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We've discussed the lightweight frame and tyres of the flat bar road bike, which lend themselves to faster speeds, but the gearing is another feature that has been optimised for flat, fast roads. All three bikes have easy gear ratios (more suitable for generally lower average speeds compared to other cycling forms), but flat bar bikes will have narrower gear ranges, which refer to the span from the very hardest (high) to the easiest (low) gear.

Our sample Speeder has a 24-speed drivetrain, which means three cogs to choose from at the front and eight cogs to choose from on the back. The three cogs on the front have 48, 38 and 28 teeth respectively, paired with the rear cogs that measure 11 teeth at the smallest and up to 28 teeth at the largest.

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Despite also being equipped with a triple crankset, in order to provide a larger range of gears, the Crossway (hybrid) features 48, 36 and 26 teeth respectively on the front, and is paired with a larger cassette on the rear with cogs that measure 11 teeth at the smallest, up to 34 teeth at the largest. The larger gear range is better for slower speeds, hilly terrain, and non-sealed roads.

The specificity of the Indie (urban) gearing takes things one step further, offering a limited range as it's assumed most riding will be done on relatively flat roads at slower speeds (more on that below when we discuss urban bike gearing).

It's also common to see higher-end flat bar road bikes with the same gearing as endurance road bikes, such as a traditional 'compact' crankset, which features two cogs on the front with 50 and 34 teeth respectively, paired with rear cogs that measure 11 teeth at the smallest and 28 or 32 teeth at the largest.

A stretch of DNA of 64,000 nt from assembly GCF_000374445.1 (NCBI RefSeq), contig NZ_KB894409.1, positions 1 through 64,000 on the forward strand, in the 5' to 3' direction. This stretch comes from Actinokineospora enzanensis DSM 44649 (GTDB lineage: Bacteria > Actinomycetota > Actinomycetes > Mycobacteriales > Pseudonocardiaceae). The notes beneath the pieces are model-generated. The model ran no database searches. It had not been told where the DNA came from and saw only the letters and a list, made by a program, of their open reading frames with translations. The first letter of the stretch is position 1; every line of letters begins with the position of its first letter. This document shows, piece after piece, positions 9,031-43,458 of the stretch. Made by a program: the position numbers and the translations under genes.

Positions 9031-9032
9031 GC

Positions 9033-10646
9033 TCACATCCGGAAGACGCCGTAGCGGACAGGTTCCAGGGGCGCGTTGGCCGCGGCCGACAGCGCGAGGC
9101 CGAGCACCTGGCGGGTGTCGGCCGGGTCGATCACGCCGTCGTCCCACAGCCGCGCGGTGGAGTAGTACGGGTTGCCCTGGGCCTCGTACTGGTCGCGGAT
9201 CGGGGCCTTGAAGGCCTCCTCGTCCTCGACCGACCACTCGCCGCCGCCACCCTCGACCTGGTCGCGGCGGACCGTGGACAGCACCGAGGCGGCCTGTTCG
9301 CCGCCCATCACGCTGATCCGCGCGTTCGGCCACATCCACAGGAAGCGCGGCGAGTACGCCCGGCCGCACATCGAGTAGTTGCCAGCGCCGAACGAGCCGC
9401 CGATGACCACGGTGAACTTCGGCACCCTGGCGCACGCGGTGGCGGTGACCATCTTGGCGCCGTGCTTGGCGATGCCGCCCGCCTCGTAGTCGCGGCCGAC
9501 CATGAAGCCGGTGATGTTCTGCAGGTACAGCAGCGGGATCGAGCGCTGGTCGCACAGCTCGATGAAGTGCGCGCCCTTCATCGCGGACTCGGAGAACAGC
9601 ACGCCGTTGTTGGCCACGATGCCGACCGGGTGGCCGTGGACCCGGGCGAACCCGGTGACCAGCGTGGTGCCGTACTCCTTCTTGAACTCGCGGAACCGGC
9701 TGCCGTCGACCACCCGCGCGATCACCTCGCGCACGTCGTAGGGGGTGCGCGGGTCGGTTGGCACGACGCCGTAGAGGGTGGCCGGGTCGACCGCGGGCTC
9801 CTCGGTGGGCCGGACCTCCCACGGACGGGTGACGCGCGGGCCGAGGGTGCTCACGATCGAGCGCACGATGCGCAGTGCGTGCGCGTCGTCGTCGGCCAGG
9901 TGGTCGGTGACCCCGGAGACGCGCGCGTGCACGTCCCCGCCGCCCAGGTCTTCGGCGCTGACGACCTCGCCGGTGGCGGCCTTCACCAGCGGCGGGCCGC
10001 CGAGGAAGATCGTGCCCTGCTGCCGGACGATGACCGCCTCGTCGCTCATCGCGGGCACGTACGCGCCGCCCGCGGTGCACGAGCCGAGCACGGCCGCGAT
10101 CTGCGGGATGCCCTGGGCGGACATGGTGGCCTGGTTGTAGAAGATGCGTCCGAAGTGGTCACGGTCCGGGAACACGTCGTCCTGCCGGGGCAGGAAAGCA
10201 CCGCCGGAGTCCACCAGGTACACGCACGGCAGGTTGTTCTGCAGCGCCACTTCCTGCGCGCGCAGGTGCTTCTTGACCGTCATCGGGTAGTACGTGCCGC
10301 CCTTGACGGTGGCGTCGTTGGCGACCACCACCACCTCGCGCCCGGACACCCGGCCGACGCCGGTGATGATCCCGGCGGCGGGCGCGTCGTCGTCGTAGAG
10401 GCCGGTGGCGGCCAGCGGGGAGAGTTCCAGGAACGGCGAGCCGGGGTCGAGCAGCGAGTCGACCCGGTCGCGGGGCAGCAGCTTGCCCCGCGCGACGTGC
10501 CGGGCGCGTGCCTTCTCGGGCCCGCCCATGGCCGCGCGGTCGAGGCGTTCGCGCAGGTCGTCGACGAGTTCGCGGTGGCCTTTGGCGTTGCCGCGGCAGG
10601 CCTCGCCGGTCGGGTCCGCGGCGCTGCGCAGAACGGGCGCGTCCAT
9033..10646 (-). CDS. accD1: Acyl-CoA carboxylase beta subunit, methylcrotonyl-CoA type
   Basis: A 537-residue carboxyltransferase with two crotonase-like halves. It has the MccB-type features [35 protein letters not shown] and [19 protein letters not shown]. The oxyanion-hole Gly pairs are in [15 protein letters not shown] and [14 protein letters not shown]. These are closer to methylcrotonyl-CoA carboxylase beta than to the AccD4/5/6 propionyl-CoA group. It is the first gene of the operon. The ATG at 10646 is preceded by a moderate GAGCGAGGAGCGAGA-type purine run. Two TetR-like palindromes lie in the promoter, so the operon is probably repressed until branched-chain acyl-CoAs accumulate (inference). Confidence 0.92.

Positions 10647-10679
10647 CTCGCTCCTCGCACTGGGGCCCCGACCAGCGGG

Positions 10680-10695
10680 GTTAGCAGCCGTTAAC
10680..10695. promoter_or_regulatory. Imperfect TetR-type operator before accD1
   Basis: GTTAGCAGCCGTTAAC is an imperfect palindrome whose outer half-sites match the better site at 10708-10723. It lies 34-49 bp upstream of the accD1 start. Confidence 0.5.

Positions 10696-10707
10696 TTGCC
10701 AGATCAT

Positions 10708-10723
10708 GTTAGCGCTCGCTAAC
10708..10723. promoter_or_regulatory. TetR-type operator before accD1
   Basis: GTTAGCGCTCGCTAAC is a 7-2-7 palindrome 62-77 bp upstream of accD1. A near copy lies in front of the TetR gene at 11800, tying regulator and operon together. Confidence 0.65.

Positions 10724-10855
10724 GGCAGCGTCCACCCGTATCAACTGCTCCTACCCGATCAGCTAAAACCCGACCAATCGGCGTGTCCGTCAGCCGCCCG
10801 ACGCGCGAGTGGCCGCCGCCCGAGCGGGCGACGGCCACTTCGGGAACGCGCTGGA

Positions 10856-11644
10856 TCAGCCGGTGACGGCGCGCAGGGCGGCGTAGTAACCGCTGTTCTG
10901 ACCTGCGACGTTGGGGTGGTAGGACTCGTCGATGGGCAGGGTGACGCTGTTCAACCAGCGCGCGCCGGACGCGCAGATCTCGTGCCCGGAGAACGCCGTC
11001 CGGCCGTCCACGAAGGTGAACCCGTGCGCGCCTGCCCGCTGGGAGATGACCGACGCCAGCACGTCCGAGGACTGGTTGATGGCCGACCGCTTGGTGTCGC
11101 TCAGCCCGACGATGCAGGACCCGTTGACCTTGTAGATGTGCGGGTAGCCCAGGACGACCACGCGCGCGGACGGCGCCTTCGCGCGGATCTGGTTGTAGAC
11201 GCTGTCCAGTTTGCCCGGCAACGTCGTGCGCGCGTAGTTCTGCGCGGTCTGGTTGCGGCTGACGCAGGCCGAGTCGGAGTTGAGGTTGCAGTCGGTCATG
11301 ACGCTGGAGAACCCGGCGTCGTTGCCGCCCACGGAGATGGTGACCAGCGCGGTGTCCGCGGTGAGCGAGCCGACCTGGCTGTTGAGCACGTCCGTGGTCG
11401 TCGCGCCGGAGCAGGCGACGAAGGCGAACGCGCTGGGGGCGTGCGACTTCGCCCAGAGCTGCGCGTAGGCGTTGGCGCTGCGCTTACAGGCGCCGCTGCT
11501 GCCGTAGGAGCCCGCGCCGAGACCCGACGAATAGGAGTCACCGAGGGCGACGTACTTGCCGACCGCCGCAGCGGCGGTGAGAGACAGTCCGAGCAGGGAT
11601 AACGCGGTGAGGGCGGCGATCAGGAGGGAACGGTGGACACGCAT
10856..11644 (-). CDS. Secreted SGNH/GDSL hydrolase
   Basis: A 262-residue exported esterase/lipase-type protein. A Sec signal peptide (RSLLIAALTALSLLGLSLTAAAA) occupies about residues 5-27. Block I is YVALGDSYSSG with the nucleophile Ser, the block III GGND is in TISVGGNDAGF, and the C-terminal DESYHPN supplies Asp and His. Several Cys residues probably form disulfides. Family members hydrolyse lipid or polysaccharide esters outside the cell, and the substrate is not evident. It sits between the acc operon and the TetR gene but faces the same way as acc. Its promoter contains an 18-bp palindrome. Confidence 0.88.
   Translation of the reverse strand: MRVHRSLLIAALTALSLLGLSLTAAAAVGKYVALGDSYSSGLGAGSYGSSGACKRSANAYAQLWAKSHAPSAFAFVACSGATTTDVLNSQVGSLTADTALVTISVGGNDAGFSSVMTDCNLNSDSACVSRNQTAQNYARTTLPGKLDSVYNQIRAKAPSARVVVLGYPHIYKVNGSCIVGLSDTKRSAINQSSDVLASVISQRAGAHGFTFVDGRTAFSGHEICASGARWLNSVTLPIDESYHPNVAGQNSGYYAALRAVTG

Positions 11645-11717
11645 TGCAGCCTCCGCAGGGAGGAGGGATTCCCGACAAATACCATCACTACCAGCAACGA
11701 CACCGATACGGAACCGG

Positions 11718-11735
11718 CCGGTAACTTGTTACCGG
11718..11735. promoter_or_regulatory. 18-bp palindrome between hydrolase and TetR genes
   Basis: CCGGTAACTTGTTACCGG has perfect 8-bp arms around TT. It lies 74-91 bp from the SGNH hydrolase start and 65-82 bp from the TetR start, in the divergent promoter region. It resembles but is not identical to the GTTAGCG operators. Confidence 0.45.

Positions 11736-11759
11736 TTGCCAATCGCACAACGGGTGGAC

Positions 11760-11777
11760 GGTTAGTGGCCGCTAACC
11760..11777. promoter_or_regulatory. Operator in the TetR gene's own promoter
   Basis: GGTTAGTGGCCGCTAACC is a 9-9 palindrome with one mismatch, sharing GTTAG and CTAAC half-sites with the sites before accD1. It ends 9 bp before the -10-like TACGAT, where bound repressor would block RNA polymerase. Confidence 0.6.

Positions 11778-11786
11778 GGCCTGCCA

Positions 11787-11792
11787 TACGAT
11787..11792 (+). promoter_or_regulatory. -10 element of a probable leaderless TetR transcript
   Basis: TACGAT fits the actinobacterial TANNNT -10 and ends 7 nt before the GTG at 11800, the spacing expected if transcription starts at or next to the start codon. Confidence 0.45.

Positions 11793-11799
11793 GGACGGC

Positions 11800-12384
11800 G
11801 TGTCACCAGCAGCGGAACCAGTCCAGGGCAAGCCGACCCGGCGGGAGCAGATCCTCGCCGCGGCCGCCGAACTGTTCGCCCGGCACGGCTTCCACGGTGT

Urban

urban vs flat bar vs hyrbid bikes urban city profile

Urban bikes are designed specifically for inner-city riding, perfect for shorter-distance commuting and often featuring racks to carry luggage and wet-weather fenders to cope with all weather conditions. Like flat bar road bikes, they too will typically have flat style handlebars but an even more upright riding position and a smaller gear range, in some cases only a single gear. They are built strong to handle the rigors of the urban environment and are not as concerned with weight. Below are the three key elements of an urban bike that set it apart from flat bar and hybrid bikes.

Commuting

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As urban bikes are solely focused on commuting and inner-city cycling, the need for expansive gear ratios and the ability to handle high speeds is not required. Urban bikes are purely functional, keeping extraneous features and attention-seeking aesthetics to a minimum.

The positioning is far more upright than other bikes, letting the rider see better through traffic, and it's common to see racks to carry luggage and wet-weather fenders or mudguards, so it can be ridden in all weather conditions. The focus on simplicity and durability continues to the gearing, which is commonly found internally located in the rear hub. Tyres are large and robust to navigate potholes, railway tracks, and construction zones, with the Indie having almost the same tyre size as the Crossway (hybrid), which is capable of off-road riding.

While the Indie we are profiling here has disc brakes, often urban bikes are controlled via the pedals, or with a single brake. Previously disc brakes were limited to mountain bikes and higher-end recreational bikes but the advent of disc brakes over rim or pedal controlled brakes onto all of these bikes is due to them providing superior brake control and durability, especially in the wet, making them the preferred option.

Robust

Not a lot of TLC is required with urban bikes. They are built strong and robust, and are typically heavier than flat bar road bikes as a consequence. When you consider the Indie weighs over 1.5kg more than the Speeder (flat bar) despite having similar features and significantly fewer gears, it's clear to see they are a functional bike with a focus on durability.

Gearing optimsed for the city